We often hear about the power of the brand. There was no better reminder of the lengths a company will go to protect their brand than the on-going battle by Cadbury’s to own the colour purple so prominent in their packaging and advertising. We asked our legal advisors Debbie Marczak and Stephen von Muenster to summarise and offer advice on using competitor’s colours.
In a sweet victory for Darrell Lea, the Federal Court recently ruled that Darrell Lea’s use of the colour purple did not amount to misleading or deceptive conduct under the Trade Practices Act, as had been alleged by Cadbury.
To summarise a 5-year dispute, in 2003 Cadbury initiated proceedings against Darrell Lea, alleging they engaged misleading or deceptive conduct and passing off by using a shade of purple that closely resembled its own “Cadbury Purple”. In 2006, Justice Heerey of the Federal Court dismissed Cadbury’s claim, finding that Cadbury did not own the colour purple and as such, Darrell Lea was entitled to use the colour as long as it did not convey to the reasonable consumer that it had some connection with Cadbury. Cadbury then appealed the decision on the basis that the original judge was incorrect in refusing to admit evidence from marketing experts regarding the importance of colour in marketing and sales activities. In 2007, the Full Court upheld Cadbury’s appeal and the case was remitted to the original trial judge for further hearing.
In the further hearing, the expert evidence was permitted and Cadbury adduced evidence from three experts in the field of sales and marketing, who discussed the important role of colour in consumers’ chocolate-purchasing decisions and the value of colour in developing brand equity. Having considered the additional evidence Justice Heerey, held that Darrell Lea had not breached the Trade Practices Act or engaged in passing off as their use of the colour purple would not result in consumers being misled or deceived.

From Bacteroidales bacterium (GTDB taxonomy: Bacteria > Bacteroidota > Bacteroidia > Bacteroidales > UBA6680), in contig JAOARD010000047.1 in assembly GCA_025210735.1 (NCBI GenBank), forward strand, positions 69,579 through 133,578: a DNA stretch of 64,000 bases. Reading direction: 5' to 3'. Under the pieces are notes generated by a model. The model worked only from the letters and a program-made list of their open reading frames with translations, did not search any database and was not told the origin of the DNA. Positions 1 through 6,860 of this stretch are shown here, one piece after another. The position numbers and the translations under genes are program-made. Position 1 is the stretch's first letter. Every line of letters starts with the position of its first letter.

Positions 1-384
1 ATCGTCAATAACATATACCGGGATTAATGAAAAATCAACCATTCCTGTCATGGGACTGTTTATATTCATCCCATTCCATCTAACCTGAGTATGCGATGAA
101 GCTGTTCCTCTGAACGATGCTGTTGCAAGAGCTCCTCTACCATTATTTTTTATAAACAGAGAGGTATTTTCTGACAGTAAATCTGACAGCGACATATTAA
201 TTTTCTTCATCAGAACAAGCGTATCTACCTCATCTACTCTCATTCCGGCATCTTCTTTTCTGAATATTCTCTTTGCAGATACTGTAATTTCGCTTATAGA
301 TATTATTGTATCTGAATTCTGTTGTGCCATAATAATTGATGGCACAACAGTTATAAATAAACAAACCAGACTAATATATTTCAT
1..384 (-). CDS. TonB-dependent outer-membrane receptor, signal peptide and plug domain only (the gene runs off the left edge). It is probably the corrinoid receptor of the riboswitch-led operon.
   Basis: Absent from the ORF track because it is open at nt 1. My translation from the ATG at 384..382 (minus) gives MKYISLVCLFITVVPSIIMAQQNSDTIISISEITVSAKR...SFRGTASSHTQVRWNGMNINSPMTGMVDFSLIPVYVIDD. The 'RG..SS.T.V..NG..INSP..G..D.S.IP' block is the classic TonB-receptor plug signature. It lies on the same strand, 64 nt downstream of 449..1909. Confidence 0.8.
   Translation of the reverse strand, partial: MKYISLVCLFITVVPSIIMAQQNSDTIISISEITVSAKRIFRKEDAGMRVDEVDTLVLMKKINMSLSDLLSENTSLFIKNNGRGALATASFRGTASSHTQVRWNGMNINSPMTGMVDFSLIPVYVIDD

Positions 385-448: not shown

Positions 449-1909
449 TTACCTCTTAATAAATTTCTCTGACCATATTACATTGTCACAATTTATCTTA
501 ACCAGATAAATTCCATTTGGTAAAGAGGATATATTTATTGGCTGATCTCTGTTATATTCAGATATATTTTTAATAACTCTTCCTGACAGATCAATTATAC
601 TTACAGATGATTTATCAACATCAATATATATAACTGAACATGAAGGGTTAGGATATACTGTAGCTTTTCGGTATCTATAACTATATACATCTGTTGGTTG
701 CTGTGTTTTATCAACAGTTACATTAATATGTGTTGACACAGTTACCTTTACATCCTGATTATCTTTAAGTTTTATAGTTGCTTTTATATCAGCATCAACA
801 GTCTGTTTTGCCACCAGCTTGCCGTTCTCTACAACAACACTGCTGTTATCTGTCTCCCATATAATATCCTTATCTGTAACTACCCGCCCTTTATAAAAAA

The judge highlighted that conduct which results in mere confusion or consumers being “caused to wonder” does not amount to misleading or deceptive conduct under the Act. He said consumers know that other chocolate makers use purple and that the reasonable consumer could see chocolate in a purple wrapper with Darrell Lea’s name on it in a Darrell Lea shop and not be confused into thinking it was a Cadbury product.
However, the 5-year battle between Cadbury and Darrell Lea may not be over yet, with Cadbury indicating that it will appeal. We’ll keep you posted on any new developments to this long-running saga.
In the meantime, although you (or your clients) may be tempted to start using certain colours on your packaging or marketing that are used by your competitors, please remember that each case turns on its own facts. In this case, the facts supported Darrell Lea’s case. For instance, it was noted that many of Cadbury’s products feature little or no purple; purple was never used by Cadbury in isolation but was always combined with the “Cadbury” script; the names “Darrell Lea” and “Cadbury” are quite distinct; most of Darrell Lea’s retailing occurs on its own premises; other competitors such as Nestlé’s Violet Crumble use purple, and the list goes on.
So although Darrell Lea won the day in this instance, there is no guarantee that you will too if you use a specific colour in a way that could mislead the ordinary consumer, particularly where your competitor has a strong reputation associated with that colour.
The case also serves as a reminder that companies will often act aggressively to protect their brand identity. So if your marketing materials and packaging are similar to that of a competitor, you may be up for expensive and time-consuming litigation, regardless of who a court may determine is the ultimate winner.
For further information go to www.vmsolicitors.com.au, (02) 8221 0933.